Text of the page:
His strategy is to first connect himself to others, addressing points of commonalities, and then only afterwards explaining the nuanced differences. Thereby, he leads the audience along with him on their journey to the next destination. For example, paraphrasing from his speech on Saturday:
"You know, I believe in capitalism, but you know, sometimes, the owners want to keep a little bit too much of the money … so that’s why we needed to have a minimum wage."
Obama is not afraid of who he is and who he was – he seems to be very comfortable in his own skin.
Obama does something no one else in politics does: He plumbs his own anxiety and doubt, and ties his life story to political problems that few elected officials dare to discuss so personally, including the disparities of race and class, drug abuse, poverty, and, of course, faith
He’s a human being, an imperfect person who has grown and developed. His adolescence involved periods of flirting with black power, alcohol, and drugs --- trying to come to terms with his own identity as the son of a Kenyan exchange student father and white mother from Kansas, who were divorced when he was young, growing up in Hawaii and Indonesia.

He struggled with the connections of faith and social justice – and the appropriate role of religion in public life:
As a community organizer in Chicago in the 1980s, Obama had put together demonstrations and registered voters alongside Christian leaders who honored the civil-rights tradition of social change. His faith-grounded fellow activists, he explained, "saw that I knew their Book, that I shared their values, that I sang their songs." But, he said, they also "sensed that part of me that remained detached and removed, that I was an observer in their midst." He continued, "In time, I came to realize that something was missing for me as well, that without a vessel for my beliefs, without a commitment to a particular community of faith, at some level I would always remain apart, and alone."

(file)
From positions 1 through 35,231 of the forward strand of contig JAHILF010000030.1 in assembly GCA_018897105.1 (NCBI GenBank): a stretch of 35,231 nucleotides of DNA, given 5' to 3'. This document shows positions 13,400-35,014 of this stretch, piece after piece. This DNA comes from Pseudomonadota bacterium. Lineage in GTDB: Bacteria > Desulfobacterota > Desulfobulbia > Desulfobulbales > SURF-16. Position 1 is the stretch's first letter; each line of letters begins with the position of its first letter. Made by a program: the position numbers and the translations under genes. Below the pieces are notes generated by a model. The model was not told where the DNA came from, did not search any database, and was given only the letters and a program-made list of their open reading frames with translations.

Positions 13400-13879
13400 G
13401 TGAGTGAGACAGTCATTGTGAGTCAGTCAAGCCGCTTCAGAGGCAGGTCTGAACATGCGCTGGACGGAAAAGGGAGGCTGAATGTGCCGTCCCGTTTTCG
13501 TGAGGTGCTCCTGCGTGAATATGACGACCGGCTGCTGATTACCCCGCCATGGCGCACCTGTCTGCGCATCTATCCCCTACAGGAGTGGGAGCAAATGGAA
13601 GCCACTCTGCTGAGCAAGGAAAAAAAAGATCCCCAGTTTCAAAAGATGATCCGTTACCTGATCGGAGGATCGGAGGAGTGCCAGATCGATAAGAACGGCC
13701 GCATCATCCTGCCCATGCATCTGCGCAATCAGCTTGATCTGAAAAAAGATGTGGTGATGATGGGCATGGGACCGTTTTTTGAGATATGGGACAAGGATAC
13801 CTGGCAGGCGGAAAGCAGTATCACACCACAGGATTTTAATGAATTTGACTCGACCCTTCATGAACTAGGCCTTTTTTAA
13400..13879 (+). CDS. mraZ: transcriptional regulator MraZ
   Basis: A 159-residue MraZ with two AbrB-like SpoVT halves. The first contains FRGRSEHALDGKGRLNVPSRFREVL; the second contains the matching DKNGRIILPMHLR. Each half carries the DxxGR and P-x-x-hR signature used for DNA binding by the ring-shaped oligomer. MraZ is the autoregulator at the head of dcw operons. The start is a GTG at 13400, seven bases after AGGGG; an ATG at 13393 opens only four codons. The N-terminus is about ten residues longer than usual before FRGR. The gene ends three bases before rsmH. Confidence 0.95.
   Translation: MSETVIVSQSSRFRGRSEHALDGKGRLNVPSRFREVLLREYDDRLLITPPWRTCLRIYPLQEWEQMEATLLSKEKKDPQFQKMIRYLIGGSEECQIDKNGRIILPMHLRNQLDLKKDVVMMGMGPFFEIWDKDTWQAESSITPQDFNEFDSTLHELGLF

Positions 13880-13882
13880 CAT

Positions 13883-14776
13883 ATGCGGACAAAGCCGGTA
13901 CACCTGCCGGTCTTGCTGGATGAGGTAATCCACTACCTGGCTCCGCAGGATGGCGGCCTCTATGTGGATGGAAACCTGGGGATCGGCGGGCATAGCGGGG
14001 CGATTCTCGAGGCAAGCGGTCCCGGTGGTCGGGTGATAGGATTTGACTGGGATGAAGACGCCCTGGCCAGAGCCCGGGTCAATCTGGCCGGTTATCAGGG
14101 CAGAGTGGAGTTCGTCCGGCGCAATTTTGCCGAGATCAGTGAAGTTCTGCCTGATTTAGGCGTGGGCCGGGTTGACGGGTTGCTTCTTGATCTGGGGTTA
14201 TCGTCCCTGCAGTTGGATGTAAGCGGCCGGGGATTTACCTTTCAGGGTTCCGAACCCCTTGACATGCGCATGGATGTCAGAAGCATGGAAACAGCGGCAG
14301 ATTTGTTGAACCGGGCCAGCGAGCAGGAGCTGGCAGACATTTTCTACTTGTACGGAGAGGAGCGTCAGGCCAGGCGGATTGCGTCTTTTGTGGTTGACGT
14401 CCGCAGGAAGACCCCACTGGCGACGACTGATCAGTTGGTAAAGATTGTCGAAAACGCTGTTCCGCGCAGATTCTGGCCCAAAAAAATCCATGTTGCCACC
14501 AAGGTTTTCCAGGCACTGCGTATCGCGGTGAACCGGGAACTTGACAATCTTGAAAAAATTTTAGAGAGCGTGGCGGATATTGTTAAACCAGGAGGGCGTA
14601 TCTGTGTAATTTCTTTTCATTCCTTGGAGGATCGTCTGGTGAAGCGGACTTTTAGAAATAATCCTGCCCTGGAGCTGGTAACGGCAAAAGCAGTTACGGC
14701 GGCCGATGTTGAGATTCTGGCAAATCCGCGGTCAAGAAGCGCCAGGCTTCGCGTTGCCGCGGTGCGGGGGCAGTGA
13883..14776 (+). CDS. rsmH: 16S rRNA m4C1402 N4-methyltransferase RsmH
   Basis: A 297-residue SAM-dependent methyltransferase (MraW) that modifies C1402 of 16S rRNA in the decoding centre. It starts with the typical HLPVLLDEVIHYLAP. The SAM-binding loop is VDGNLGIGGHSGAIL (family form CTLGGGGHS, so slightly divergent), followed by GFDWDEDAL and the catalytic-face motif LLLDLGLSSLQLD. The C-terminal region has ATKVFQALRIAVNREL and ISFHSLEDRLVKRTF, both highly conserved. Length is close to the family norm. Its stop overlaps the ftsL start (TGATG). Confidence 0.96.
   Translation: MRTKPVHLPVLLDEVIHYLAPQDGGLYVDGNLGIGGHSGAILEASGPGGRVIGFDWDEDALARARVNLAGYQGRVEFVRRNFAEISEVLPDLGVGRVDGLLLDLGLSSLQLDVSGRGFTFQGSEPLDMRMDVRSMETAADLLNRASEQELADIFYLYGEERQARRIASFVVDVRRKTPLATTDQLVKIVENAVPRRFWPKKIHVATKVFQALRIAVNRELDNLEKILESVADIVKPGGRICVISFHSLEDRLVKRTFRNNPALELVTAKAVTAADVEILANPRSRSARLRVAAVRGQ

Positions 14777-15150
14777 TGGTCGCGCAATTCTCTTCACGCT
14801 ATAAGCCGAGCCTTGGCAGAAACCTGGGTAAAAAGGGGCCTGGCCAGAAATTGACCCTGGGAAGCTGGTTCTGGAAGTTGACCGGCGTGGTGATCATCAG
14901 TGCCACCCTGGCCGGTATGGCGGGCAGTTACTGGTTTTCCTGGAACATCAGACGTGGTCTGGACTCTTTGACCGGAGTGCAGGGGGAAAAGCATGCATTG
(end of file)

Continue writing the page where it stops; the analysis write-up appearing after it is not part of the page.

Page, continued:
He eventually, though, found his own path to faith, about which he effectively communicates to others, in a way in which others can relate:
And perhaps it was out of this intimate knowledge of hardship, the grounding of faith in struggle, that the church offered me a second insight: that faith doesn't mean that you don't have doubts. You need to come to church precisely because you are of this world, not apart from it; you need to embrace Christ precisely because you have sins to wash away -- because you are human and need an ally in your difficult journey.

It was because of these newfound understandings that I was finally able to walk down the aisle of Trinity United Church of Christ one day and affirm my Christian faith. It came about as a choice, and not an epiphany; the questions I had did not magically disappear. But kneeling beneath that cross on the South Side of Chicago, I felt I heard God's spirit beckoning me. I submitted myself to His will, and dedicated myself to discovering His truth.

The path I traveled has been shared by millions upon millions of Americans -- evangelicals, Catholics, Protestants, Jews and Muslims alike; some since birth, others at a turning point in their lives. It is not something they set apart from the rest of their beliefs and values. In fact, it is often what drives them.
Exchanges like these, show that he is the candidate that has the power to connect with voters from across the spectrum:
So let me end with another interaction I had during my campaign. A few days after I won the Democratic nomination in my U.S. Senate race, I received an email from a doctor at the University of Chicago Medical School that said the following: